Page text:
I take it you haven’t had the Chicago dog at Sidebar in Silver Spring? Go. I love Chicago dogs, and this is actually better than most of the traditional Chicago dogs in Chicago. They griddle the poppyseed bun, and the dog itself is scored and grilled, which gives it a little more interest too.
— the Chicago dog at Sidebar, Silver Spring; — the foie gras dog at Hot Doug’s, Chicago; — plain with mustard and onions at Nathan’s, NY;
And, for nostalgia’s sake and also to get in a half-smoke:
— halfsmoke, no chili, at Ben’s Chili Bowl, DC
Haute Dog and Fries, by the way, is excellent — well, the Purcellville shop is. I hope the new location in Alexandria is its equal. They do a lamb dog with a sausage made from Fields of Athenry lamb; terrific.
Someone needs his own blog … : )
Naeem, thanks for these dining dispatches. My mouth’s watering …
Sounds like you had a great trip. Actually — sounds like you did nothing but eat!
Does anyone else on here ever get that from friends, by the way? You go somewhere, and you come back talking about you trip and where you ate, and where you ate next, and the restaurants you didn’t get to but will next time, and then — “But what did you DO?”
And I think that’s because they’re not so hyper-focused on being NOW, and doing all the NOW things.
There’s a reveling in obscurity, but it’s not anything that consciously seeks to exclude. It’s more a sense of — all of us on staff here are absolutely digging this new cocktail and we just HAVE to share it with you. That kind of enthusiasm is rare.
By the way, I love you for using “indiffitude” and making sure it remains a part of our weekly lexicon on here. In fact, I want to send you a book from the office collection just to say thank you.
Drop me a note at email@example.com with your mailing address when you get a sec.
Except that that’s the expression — black comedy. If you say dark comedy, I don’t know that people will have any idea what you’re talking about.
But who knows? Maybe most people don’t know what a black comedy is. I’m always astonished to find out what people — people I would think know things — don’t know.
Off the top of my head, I can name a few:
Craig LaBan in Philly. Devra First in Boston. Leslie Brenner in Dallas …
There aren’t many, no.
I’m so glad you consider this a treat. It’s a treat for me as well. Thanks …
The Grilled Oyster Co. is one of those places that could be a lot better than it is, with a few changes.
I like the crabcake, but it comes on a tough, generic bun. The local chopped salad is nicely presented, but not as vibrant as you would hope for something billed as “local”; and no mention is made of which local farms, exactly, those ingredients are coming from. An ok selection of oysters every day, but the platter is not very arresting visually; for a place that seems to be geared around oysters, you would expect a distinctive mignonette (you don’t get it).
China Jade Bistro is not, as I had hoped, affiliated with the tasty China Jade in Rockville, one of a handful of restaurants operated by Liu Chaosheng (among them Uncle Liu’s Hotpot). Not saying it can’t be a good place, just that it doesn’t carry that pedigree.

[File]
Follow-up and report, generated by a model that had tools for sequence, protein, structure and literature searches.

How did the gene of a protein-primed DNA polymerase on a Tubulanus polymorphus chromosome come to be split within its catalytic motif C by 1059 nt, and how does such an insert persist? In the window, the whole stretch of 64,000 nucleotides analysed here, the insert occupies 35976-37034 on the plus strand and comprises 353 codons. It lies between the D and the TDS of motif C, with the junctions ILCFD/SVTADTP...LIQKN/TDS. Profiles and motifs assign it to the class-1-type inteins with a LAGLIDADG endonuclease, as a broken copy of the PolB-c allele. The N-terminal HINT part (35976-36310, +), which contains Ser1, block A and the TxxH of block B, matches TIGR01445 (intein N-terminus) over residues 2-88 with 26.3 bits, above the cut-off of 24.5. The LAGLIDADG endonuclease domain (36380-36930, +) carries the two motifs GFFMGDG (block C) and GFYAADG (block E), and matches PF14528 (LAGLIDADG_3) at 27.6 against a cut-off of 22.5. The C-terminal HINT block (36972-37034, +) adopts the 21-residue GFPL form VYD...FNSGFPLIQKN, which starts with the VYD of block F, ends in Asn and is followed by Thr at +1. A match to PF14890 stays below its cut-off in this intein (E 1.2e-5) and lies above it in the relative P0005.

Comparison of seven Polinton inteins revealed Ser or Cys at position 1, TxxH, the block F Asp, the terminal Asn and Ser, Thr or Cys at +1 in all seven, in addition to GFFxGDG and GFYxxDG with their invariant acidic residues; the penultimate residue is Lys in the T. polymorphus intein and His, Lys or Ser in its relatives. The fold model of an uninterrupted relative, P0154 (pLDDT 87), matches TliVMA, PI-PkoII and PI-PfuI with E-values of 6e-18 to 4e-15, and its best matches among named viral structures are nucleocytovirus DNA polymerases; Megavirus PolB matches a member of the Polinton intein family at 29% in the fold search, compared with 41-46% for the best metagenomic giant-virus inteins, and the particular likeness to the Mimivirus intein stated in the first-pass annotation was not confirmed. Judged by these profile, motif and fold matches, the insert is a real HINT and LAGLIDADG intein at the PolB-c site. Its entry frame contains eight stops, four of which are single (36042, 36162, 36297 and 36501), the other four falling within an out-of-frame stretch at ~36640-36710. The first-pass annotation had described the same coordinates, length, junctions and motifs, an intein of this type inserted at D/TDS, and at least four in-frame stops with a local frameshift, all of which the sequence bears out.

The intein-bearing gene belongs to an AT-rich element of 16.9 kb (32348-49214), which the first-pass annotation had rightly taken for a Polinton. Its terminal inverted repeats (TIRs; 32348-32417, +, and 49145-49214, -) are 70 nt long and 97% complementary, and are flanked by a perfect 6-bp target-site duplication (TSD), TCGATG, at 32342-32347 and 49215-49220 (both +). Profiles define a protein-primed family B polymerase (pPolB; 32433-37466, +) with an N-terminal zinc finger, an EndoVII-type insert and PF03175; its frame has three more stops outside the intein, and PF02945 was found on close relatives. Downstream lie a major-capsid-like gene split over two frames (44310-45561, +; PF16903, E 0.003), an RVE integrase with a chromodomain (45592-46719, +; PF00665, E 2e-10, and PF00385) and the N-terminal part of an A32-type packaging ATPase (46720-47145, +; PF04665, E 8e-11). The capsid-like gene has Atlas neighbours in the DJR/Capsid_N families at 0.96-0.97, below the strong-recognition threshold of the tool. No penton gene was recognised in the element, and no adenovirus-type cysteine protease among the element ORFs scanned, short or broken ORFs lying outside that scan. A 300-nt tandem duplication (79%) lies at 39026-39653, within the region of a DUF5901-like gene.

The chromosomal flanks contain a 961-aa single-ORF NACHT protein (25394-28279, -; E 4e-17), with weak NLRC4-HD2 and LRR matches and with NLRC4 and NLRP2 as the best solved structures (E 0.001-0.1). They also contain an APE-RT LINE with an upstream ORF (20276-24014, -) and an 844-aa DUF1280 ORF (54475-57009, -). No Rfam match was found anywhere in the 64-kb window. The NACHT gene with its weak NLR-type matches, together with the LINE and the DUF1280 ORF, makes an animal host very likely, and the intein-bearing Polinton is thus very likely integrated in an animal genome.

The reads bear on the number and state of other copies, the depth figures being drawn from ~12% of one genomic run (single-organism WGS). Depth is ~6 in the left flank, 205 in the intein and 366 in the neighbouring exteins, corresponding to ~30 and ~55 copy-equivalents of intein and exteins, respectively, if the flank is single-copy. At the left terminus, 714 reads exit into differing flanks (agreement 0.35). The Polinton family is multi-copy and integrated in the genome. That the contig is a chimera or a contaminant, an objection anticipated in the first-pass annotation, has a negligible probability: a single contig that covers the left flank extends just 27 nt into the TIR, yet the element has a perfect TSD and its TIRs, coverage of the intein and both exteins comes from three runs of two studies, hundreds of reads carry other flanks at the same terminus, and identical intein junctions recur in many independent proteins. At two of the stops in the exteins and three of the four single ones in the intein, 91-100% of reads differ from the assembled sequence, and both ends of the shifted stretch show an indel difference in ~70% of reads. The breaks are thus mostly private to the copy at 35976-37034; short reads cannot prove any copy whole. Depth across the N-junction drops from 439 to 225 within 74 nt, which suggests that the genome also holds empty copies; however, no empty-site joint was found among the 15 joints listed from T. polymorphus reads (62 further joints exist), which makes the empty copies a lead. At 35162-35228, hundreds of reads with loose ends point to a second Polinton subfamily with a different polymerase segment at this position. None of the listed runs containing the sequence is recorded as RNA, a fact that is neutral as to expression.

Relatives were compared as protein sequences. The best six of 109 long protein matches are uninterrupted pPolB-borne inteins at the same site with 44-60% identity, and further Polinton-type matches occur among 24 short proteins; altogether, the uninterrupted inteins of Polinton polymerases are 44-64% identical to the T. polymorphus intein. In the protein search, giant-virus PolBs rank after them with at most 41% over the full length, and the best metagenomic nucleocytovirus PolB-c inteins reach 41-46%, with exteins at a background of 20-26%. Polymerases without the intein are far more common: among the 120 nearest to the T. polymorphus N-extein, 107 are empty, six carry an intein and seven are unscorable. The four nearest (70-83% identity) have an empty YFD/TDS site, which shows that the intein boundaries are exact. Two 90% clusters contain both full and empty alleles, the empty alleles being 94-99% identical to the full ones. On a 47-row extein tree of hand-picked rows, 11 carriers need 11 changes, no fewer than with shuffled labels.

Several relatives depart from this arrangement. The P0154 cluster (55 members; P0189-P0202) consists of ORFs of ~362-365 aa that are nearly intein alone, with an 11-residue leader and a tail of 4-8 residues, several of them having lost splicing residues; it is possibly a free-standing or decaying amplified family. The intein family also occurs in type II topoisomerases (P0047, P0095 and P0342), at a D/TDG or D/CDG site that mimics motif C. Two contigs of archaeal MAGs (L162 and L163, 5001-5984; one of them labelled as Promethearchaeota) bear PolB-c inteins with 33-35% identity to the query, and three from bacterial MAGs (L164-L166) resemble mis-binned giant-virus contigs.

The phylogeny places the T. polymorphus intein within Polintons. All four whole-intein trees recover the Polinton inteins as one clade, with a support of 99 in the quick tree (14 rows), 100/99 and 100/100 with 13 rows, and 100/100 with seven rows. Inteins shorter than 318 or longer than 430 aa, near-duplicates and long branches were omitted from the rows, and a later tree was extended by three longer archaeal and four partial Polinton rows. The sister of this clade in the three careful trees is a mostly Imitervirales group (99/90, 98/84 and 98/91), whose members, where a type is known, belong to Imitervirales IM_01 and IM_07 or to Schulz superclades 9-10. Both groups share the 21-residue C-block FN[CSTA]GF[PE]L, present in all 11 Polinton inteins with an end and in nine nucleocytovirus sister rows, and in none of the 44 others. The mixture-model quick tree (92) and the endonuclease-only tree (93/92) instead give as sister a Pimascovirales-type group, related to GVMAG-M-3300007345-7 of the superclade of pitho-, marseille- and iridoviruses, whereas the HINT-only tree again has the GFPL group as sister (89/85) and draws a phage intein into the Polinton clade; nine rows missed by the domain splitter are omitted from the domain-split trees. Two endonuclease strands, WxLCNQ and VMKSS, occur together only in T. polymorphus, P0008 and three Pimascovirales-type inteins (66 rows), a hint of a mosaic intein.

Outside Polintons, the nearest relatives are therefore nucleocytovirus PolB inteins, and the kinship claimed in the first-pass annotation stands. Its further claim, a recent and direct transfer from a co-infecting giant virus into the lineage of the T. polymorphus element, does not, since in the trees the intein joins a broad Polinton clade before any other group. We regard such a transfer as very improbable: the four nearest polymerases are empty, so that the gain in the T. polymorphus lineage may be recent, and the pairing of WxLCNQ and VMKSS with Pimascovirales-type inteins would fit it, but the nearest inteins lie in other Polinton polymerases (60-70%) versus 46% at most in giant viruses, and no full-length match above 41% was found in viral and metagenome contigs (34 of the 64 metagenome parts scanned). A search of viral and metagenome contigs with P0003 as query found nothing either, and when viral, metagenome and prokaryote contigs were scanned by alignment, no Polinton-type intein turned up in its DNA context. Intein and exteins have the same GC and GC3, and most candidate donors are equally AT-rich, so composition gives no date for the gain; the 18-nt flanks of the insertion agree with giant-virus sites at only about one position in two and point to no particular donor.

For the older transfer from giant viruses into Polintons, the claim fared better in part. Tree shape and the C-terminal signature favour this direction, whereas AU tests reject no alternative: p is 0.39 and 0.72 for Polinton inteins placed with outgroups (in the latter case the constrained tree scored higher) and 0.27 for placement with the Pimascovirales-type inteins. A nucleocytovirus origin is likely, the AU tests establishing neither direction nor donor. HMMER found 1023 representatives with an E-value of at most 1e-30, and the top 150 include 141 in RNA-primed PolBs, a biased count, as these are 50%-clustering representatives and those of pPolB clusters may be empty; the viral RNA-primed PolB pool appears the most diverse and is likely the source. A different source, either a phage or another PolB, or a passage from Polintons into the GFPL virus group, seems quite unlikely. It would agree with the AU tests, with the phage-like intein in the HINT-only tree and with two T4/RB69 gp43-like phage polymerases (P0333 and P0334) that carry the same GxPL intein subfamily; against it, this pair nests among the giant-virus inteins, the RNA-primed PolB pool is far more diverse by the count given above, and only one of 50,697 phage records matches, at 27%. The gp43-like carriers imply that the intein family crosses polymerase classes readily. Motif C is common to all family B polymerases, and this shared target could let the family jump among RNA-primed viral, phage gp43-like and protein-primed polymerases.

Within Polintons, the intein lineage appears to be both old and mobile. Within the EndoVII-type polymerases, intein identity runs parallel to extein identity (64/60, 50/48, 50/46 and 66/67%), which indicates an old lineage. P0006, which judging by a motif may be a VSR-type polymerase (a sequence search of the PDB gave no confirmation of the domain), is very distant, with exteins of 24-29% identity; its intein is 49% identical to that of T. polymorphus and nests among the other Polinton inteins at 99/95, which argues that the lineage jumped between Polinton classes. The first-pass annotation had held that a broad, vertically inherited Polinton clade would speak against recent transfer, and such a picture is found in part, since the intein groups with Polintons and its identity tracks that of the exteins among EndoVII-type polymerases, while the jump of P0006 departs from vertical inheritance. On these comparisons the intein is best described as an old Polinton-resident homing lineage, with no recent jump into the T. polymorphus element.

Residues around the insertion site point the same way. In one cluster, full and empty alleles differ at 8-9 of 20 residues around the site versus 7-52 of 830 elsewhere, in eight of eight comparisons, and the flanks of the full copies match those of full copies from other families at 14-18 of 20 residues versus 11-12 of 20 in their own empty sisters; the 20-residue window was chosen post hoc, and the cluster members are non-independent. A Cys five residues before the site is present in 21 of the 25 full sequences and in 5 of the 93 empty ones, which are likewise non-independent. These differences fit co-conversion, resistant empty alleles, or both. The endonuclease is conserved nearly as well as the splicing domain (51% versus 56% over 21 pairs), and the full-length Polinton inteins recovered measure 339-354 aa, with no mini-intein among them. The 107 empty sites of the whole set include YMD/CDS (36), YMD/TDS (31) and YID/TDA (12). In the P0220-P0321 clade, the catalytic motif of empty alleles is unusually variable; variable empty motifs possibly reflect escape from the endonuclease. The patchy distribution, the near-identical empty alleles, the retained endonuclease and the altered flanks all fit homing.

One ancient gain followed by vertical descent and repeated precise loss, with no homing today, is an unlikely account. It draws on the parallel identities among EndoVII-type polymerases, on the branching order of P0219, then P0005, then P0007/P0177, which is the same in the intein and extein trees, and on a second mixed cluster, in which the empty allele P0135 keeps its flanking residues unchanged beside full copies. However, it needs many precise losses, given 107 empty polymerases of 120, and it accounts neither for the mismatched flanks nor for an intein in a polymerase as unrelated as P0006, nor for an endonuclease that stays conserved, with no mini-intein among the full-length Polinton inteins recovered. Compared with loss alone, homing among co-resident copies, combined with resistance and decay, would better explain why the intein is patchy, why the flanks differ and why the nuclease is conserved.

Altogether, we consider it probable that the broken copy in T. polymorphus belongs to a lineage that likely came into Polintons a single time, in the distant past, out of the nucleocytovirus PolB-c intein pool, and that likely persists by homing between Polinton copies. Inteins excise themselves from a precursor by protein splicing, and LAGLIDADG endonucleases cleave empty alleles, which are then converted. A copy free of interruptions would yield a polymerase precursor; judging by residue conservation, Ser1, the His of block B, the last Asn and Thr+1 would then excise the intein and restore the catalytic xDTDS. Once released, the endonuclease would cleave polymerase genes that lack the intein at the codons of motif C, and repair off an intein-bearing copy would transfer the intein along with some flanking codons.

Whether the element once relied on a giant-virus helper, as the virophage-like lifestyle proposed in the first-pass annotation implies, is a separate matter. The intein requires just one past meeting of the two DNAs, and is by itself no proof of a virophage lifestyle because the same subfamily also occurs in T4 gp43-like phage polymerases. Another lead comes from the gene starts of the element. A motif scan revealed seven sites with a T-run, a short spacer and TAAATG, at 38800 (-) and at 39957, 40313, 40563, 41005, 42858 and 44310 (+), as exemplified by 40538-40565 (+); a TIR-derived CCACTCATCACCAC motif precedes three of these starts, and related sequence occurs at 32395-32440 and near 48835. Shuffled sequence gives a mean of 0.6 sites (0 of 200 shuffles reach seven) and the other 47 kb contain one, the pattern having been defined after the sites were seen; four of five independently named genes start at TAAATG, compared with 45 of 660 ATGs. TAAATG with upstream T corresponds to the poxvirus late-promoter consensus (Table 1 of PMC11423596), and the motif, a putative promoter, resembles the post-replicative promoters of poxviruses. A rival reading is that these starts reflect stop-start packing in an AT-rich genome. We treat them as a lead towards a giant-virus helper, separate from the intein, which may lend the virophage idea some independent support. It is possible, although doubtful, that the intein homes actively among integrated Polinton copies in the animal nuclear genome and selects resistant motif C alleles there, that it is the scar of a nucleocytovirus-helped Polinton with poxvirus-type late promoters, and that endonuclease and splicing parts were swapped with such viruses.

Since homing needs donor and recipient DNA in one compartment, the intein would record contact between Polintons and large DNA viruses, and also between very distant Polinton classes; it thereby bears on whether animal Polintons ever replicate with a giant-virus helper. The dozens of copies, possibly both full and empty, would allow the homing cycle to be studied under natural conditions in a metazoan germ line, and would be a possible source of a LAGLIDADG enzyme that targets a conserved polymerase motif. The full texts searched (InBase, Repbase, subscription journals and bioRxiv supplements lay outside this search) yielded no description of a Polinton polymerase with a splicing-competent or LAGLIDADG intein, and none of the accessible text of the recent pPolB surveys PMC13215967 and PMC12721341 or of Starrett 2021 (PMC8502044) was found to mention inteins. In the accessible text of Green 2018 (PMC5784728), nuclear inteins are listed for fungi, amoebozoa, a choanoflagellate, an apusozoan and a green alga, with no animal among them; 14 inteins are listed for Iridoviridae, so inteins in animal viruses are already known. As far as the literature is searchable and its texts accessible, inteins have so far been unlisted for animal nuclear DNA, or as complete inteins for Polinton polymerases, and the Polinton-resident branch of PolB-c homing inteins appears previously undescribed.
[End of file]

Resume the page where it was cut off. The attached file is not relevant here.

As for Attman’s — it’ll be really interesting to see how they translate what they do in Baltimore to Potomac. I hope it works, though a good part of what makes Attman’s Attman’s, is that the space has character — and character. I doubt either of those is likely to to be the case in Potomac.
Vetri — if you can get in.
It’s like Komi, though. If you’re not far enough in advance, it won’t happen.
In which case: Osteria. That’s Vetri’s more free-form sibling.
Speaking of reservations, has anyone tried to get them at the returning Minibar?
I’ve tried several times, through a friend. (They are only taking them by email — annoying.) The second-to-last last email we received in reply was an admonishment — for sending a request prior to 10 a.m. that morning. Even more annoying.
That email contained this boiler-plate paragraph: “If we have availability for the date you requested, and you have provided the required information in your email, you will receive a confirmation within 48 hours. If we do not have availability, or you have not provided sufficient information, you will be notified.”
Our most recent email reply was to tell us that there was no availability, but it did not say whether the information we supplied was “insufficient” or whether there was simply no space.
I get that there’s going to be a high demand, I do. Whether this is the only way possible to handle that high demand, is, I think, debatable. I think it’s clearly the most convenient way. I wish that there was more of an acknowledgment of that fact, along with a general tone of apologetic graciousness.
I don’t think I’m just speaking for myself when I say that diners don’t like to feel as if the restaurant is doing us a favor by granting us the great privilege of a table to eat a meal.
Buzz can turn to buzzkill real fast …
Gotta run, everyone. Thanks so much for all the give and take today — I enjoyed it, and hope you did too …
Be well and eat well, and let’s do it again next Tuesday at 11 …
[missing you, TEK … ]